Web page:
Should You Buy a Swiffer?
A while ago, I asked this question on Hometalk: "Does anyone out there use a Swiffer? Do you like it? Do you not like it? Do you have an eco-friendly alternative? Is it the best thing since sliced bread, or could you live without it?"
Should I buy a Swiffer?
The answers I got were inconclusive, but leaned toward the negative. I wanted to know because I was considering buying a Swiffer. I needed a quick, easy, simple cleaning tool for wood floors. I wanted to combine the process of sweeping and mopping so that I could spend less time cleaning my floors.
Here is what I learned on the negative side: If you have pets, people say that the Swiffer will not adequately pick up pet hair. However, I do not have pets. I wasn't sold on the idea that it wouldn't be enough to clean up after two adults. All I usually have to clean up from my floor is dust bunnies and (human) hair. Others said that the Swiffer scratches their wood floors. As a renter, I want my security deposit back, so I am wary of anything that might scratch my floor. Also, I worry about creating more solid waste, as did some respondents, who took the environmental angle.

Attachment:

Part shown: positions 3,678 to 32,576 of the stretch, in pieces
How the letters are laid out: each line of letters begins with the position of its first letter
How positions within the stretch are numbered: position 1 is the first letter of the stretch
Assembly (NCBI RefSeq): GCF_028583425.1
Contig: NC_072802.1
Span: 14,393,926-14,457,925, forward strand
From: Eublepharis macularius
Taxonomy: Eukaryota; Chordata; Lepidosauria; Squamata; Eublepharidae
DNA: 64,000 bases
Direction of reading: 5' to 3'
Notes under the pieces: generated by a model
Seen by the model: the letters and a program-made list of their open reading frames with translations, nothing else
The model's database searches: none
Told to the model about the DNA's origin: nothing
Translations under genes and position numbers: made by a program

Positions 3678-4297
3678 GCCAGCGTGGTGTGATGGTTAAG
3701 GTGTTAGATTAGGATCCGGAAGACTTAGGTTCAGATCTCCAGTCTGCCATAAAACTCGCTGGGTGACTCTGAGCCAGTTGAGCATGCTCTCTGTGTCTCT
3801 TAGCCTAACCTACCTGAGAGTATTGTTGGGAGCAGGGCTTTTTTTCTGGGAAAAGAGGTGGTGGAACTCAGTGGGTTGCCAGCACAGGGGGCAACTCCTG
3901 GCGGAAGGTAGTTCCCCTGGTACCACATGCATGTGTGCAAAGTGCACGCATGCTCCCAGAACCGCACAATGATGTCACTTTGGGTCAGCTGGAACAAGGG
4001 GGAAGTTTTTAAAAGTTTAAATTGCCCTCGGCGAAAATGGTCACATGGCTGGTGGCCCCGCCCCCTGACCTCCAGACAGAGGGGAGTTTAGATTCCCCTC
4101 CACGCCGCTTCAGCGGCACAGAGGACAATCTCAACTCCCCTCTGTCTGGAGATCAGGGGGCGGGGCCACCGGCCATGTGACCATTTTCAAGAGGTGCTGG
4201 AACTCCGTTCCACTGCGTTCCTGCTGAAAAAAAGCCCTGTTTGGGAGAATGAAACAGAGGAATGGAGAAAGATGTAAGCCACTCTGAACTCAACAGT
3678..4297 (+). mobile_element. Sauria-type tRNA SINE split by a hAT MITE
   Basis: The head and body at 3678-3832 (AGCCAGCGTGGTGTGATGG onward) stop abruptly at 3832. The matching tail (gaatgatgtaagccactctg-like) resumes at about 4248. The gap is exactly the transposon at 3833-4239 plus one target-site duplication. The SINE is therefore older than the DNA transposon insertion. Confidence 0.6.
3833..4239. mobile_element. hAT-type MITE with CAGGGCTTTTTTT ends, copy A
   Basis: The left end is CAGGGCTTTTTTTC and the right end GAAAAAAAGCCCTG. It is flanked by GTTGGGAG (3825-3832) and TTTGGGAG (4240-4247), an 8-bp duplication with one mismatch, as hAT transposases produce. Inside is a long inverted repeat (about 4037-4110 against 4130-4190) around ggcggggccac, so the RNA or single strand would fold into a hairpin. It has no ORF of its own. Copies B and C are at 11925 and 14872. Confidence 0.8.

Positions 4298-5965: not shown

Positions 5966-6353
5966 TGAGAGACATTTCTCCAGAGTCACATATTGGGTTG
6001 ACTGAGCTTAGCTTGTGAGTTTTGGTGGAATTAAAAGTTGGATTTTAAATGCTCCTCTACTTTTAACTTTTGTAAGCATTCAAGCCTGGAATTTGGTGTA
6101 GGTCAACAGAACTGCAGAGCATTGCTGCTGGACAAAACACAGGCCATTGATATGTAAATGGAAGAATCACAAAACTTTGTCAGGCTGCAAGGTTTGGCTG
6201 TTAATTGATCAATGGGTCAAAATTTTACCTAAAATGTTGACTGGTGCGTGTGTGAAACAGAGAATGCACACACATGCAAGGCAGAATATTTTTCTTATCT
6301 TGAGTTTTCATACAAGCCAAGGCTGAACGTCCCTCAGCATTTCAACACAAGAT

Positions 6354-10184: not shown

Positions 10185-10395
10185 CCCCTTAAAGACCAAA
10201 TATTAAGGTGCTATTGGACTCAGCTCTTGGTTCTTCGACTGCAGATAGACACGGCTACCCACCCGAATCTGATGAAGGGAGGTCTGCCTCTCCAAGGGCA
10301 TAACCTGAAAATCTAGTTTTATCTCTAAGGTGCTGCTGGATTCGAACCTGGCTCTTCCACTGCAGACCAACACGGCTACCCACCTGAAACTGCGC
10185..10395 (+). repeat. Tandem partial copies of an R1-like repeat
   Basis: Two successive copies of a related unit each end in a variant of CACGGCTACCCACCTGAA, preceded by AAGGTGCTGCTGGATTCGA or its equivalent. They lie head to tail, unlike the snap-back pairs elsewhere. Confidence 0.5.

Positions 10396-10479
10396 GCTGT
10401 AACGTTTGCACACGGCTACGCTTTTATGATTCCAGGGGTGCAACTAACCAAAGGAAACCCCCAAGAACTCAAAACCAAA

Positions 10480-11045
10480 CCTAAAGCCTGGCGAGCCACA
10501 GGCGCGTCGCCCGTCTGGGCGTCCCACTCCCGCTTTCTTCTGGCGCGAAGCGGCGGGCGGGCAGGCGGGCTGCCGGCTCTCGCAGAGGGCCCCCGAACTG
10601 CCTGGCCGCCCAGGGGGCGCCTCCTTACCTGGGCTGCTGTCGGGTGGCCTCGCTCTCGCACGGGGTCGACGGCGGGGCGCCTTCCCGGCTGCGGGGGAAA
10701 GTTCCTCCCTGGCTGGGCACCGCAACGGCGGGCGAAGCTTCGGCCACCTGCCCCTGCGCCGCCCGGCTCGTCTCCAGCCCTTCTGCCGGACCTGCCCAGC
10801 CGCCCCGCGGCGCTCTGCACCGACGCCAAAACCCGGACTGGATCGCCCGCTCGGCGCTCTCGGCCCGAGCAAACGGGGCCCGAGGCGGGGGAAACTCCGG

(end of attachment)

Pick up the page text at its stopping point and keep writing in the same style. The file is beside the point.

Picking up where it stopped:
But then there were the Swiffer proponents. One person said, "I use a swiffer every time I clean ... I use the duster for floors and also the furniture duster ... I could not clean house without my swiffers ... love, love, love, them." The approximately 100 responses to my question seemed to be divided between folks like her and folks who were very anti-Swiffer.
Alternative floor cleaning methods
A tile contractor near Denver suggested using a lightly moistened damp towel to clean tile and to clean hardwood floors. I do that already, and it's OK, but I am looking for an ever faster, more convenient solution.
Question: Is it wrong to want something more convenient than wetting a towel? Am I lazy, or just busy?
Chaya Kurtz writes for Networx.com.
Updated August 20, 2018.
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